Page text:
While Cumberland County students scored As and Bs in achievement and growth on the state report card, Cumberland County Schools know there may be problems ahead.
The one-year growth data, which measures student knowledge growth from one year to the next, shows the system failed to meet the state's expectations in overall subjects as well as in literacy and numeracy. Students will also be tested on a new set of standards and competencies this year with the implementation of Common Core Standards and the Partnership for Assessment of Readiness for College and Career (PARCC).
"We have been cautioned that we will see a big drop next year with the PARCC test," said Rebecca Wood, assistant director of curriculum instruction and accountability. "It is a more rigorous test and it will be combined with the new state standards and a new format. We expect a dip and we're bracing for that."
The latest state report card, based on testing data from last year, shows the school system, which had enjoyed several years of notable knowledge growth, had not met expectations in reading and math this past year, and failed to close achievement gaps in several areas.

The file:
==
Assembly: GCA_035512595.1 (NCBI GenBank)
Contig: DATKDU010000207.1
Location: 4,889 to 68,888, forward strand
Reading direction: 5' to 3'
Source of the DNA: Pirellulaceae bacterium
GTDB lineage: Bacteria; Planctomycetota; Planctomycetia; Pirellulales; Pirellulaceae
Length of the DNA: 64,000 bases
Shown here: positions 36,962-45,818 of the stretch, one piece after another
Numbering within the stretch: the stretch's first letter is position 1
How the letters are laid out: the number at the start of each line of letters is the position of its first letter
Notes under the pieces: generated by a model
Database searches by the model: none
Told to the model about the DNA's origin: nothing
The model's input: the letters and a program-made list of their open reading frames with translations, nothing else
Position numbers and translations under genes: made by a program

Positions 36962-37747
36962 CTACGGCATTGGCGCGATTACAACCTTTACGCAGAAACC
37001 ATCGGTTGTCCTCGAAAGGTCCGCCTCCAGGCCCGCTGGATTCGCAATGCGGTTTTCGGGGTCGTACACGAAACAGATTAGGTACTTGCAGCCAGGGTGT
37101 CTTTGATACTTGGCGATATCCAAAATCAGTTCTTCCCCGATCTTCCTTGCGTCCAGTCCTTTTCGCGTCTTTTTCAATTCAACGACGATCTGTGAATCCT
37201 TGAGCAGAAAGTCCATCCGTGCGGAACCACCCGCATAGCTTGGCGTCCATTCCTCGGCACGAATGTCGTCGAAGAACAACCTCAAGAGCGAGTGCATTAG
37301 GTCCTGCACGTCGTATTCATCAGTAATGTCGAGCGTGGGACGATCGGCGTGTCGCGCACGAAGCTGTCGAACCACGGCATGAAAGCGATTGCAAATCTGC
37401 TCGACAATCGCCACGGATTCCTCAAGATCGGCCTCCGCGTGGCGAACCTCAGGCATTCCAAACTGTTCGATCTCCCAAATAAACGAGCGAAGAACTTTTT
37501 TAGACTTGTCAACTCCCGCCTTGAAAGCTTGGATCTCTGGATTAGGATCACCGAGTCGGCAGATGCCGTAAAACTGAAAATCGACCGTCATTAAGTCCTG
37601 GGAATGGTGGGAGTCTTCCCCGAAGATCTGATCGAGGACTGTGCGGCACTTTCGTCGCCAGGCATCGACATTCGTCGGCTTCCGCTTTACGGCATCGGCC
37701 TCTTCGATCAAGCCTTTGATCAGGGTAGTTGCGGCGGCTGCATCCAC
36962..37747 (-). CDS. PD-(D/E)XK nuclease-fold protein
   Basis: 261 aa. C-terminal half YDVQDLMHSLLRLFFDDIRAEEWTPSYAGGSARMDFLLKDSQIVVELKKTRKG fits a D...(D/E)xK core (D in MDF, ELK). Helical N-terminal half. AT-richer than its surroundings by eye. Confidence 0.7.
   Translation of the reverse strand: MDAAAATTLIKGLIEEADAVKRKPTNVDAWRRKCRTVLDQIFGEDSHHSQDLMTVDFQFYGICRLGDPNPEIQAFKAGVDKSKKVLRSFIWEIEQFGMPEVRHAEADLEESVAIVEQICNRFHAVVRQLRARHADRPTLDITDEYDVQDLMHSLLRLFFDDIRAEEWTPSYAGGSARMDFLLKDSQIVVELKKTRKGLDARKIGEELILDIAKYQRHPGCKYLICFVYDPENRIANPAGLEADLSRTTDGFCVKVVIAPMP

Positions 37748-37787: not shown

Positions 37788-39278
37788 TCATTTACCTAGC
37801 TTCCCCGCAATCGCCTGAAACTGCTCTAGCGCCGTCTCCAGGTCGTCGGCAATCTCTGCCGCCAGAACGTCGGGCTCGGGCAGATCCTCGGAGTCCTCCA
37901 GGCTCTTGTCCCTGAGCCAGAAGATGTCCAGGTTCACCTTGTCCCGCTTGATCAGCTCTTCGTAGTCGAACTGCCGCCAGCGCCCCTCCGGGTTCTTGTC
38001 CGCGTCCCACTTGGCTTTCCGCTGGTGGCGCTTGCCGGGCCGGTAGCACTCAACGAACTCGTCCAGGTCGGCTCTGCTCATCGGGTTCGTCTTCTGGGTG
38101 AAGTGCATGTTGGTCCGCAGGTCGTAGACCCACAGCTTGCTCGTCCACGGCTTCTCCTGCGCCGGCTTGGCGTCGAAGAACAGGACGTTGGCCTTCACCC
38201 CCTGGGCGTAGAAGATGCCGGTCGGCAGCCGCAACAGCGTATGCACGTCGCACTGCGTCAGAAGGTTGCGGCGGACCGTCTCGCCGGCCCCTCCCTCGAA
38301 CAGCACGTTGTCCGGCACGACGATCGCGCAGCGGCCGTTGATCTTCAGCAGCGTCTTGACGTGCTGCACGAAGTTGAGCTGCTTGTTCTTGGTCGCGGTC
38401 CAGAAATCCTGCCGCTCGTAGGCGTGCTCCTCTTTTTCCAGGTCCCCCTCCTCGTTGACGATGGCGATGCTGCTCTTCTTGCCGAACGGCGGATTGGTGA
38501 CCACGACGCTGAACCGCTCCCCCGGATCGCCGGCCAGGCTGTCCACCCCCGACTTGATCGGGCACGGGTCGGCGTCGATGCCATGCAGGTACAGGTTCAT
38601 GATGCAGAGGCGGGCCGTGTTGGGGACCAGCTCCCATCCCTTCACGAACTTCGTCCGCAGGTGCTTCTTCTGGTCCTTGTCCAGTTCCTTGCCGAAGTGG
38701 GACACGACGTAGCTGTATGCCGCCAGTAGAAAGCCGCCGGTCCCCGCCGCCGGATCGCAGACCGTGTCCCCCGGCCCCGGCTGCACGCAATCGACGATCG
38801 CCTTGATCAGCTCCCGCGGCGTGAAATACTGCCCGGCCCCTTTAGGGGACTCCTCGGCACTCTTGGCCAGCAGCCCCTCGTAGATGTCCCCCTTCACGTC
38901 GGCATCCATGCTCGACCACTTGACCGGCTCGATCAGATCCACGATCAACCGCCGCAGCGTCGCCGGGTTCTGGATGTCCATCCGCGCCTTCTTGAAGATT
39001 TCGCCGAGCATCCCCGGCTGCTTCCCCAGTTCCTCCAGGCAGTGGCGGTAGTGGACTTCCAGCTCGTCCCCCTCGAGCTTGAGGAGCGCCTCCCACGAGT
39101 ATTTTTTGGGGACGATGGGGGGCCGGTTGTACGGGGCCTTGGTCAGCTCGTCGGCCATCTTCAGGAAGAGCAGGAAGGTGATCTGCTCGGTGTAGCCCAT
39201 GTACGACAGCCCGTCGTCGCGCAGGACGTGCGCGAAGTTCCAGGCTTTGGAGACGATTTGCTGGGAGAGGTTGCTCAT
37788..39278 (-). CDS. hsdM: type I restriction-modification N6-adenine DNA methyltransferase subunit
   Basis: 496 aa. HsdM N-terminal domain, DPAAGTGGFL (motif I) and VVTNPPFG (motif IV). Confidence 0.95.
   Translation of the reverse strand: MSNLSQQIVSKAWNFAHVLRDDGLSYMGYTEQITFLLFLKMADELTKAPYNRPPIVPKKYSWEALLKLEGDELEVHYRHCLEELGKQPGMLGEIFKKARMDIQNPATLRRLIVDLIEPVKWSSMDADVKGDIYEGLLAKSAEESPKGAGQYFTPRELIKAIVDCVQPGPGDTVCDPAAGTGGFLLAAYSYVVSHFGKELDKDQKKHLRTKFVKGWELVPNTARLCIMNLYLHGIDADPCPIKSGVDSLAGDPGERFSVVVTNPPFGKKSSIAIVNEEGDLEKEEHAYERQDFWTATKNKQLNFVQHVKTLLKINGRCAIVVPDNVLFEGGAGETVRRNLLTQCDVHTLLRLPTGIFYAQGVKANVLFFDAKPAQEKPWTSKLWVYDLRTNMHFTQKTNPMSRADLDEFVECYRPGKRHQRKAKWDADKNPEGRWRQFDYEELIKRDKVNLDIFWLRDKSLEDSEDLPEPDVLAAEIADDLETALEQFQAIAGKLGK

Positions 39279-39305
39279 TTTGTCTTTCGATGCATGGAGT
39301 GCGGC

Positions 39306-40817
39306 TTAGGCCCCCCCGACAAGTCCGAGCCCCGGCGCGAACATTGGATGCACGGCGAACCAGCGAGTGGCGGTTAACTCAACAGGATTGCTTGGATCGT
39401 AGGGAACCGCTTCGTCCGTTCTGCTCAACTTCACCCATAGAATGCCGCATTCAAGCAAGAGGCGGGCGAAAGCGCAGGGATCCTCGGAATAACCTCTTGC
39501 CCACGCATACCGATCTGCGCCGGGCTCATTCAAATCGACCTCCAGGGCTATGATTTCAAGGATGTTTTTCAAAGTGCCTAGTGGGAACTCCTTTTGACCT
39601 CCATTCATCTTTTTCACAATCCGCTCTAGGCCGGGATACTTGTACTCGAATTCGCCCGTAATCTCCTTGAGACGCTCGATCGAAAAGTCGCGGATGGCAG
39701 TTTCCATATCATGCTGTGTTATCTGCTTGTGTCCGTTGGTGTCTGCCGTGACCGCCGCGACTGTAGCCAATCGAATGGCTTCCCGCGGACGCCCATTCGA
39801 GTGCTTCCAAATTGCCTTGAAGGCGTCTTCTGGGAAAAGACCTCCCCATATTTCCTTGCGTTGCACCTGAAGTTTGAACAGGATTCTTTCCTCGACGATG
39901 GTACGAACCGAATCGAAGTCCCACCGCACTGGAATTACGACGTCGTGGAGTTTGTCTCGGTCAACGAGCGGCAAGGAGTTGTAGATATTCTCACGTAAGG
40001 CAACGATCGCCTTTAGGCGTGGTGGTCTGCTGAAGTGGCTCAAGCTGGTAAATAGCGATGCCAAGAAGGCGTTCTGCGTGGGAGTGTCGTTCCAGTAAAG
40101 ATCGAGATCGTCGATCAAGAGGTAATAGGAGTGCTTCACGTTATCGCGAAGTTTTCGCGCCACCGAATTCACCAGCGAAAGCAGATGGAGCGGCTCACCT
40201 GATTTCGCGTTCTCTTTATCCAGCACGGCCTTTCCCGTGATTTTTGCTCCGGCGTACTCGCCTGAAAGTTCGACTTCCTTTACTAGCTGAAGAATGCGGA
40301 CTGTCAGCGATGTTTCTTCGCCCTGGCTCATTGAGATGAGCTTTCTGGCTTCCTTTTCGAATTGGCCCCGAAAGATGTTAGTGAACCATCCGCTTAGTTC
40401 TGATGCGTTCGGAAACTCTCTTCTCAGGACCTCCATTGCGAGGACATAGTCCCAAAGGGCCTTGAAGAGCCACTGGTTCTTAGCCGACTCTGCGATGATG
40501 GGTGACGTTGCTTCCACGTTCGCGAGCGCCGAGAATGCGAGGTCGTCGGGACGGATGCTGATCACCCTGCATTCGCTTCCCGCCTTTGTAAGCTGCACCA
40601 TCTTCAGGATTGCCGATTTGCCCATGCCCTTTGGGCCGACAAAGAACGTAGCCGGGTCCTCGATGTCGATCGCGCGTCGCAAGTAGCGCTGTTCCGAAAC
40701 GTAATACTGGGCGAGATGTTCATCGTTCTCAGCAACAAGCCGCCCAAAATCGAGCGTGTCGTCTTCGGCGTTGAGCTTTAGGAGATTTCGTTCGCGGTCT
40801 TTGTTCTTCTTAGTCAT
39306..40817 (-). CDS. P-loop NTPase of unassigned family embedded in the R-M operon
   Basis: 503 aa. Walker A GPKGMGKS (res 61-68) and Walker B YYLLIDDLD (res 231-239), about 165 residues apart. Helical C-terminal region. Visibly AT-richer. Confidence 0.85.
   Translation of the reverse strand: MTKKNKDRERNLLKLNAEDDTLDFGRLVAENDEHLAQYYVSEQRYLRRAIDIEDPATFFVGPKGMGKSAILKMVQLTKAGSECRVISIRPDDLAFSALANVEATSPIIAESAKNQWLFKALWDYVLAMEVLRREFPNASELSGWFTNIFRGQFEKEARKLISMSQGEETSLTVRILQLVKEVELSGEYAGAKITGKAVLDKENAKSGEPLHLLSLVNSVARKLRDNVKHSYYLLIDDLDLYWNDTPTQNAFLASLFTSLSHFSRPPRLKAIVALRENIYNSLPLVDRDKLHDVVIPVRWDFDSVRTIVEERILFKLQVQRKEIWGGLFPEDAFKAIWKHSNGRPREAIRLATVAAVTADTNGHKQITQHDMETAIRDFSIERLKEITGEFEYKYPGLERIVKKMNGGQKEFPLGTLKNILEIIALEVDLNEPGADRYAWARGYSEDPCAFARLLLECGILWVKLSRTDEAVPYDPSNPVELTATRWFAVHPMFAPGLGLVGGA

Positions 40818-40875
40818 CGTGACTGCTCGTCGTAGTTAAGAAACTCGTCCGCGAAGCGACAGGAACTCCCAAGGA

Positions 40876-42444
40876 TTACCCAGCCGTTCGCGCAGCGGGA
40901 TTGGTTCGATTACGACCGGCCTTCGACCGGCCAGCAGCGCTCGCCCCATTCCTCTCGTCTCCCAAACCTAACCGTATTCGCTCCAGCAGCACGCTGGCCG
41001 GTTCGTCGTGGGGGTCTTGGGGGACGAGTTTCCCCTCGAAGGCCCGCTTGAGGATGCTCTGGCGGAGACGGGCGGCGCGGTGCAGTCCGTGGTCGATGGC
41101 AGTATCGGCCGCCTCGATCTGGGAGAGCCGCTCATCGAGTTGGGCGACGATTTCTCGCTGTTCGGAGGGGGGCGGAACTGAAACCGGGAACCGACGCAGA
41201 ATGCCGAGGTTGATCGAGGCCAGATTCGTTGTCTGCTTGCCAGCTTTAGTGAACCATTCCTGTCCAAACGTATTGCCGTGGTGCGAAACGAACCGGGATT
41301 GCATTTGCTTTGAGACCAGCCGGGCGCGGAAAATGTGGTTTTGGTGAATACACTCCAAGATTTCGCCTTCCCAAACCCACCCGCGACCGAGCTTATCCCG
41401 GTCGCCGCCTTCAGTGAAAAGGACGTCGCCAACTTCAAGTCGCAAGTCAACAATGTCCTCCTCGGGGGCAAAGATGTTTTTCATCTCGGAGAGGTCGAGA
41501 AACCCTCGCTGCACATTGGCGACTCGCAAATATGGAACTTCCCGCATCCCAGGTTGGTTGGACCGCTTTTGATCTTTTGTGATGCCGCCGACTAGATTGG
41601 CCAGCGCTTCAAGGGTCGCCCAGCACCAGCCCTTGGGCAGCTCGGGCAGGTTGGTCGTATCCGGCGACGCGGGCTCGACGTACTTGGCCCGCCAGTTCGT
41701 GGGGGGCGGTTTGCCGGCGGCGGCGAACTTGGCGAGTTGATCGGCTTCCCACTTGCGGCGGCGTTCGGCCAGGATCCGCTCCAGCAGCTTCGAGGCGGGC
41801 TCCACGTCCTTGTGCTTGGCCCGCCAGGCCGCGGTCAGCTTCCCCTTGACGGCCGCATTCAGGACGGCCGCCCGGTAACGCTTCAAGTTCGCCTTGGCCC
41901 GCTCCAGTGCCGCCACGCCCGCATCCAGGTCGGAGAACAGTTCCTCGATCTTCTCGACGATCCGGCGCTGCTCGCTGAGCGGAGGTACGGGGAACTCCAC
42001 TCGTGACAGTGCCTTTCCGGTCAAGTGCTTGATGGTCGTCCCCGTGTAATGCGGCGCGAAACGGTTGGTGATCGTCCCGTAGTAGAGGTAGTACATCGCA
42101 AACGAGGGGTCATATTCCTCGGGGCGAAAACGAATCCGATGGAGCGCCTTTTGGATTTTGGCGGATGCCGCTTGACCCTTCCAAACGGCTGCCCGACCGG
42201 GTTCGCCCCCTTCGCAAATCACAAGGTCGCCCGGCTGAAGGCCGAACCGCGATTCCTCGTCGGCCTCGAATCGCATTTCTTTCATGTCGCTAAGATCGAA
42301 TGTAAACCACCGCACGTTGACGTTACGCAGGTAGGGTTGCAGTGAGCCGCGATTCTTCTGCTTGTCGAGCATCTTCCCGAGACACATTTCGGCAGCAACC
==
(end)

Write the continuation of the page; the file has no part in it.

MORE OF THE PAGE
The school system has been working to address areas of concern and to help prepare teachers for the new standards and new assessments, and to help them continue to aid students in meeting academic achievement goals.
One problem has been the textbooks currently available and in use in the school system are not aligned with the new standards teachers are expected to teach.
"The textbook companies have not caught up with the new standards," Wood explained. "To make up for that, teachers are pulling resources together and writing their own units."
Next year, the county will review new math textbooks, but those won't go into service until the 2015-'16 school year.
But while instructional supplies matched to the new standards are important, Wood said focusing on quality teaching and helping teachers feel prepared for the change ahead was the primary focus of the school system. Professional Learning Communities are being prepared, principals are using evaluations to offer constructive feedback with specific suggestions and input, and ongoing professional development are all part of improving student success.
"Our teachers are stressed, but they are stepping up and working hard," Wood said. "I have never been so impressed with the amount of tenacity and determination they are showing.
"I'll watch and listen to the conversations after a training session. They are very focused on 'What can I do?' They are more willing to try things they haven't tried before and they're excited about what our kids are going to be doing."
The district is drawing on the expertise of several long-time teachers that have undergone extra training.
In reading, Ina Maxwell is writing pacing guides and developing teaching unites. She is a state trainer with 23 years experience as a classroom teacher, with bachelor's master's and doctorate degrees. She focuses on helping teachers in kindergarten through third grade teach reading to their students. There is specialized training offered that is intense in it's requirements and expectations.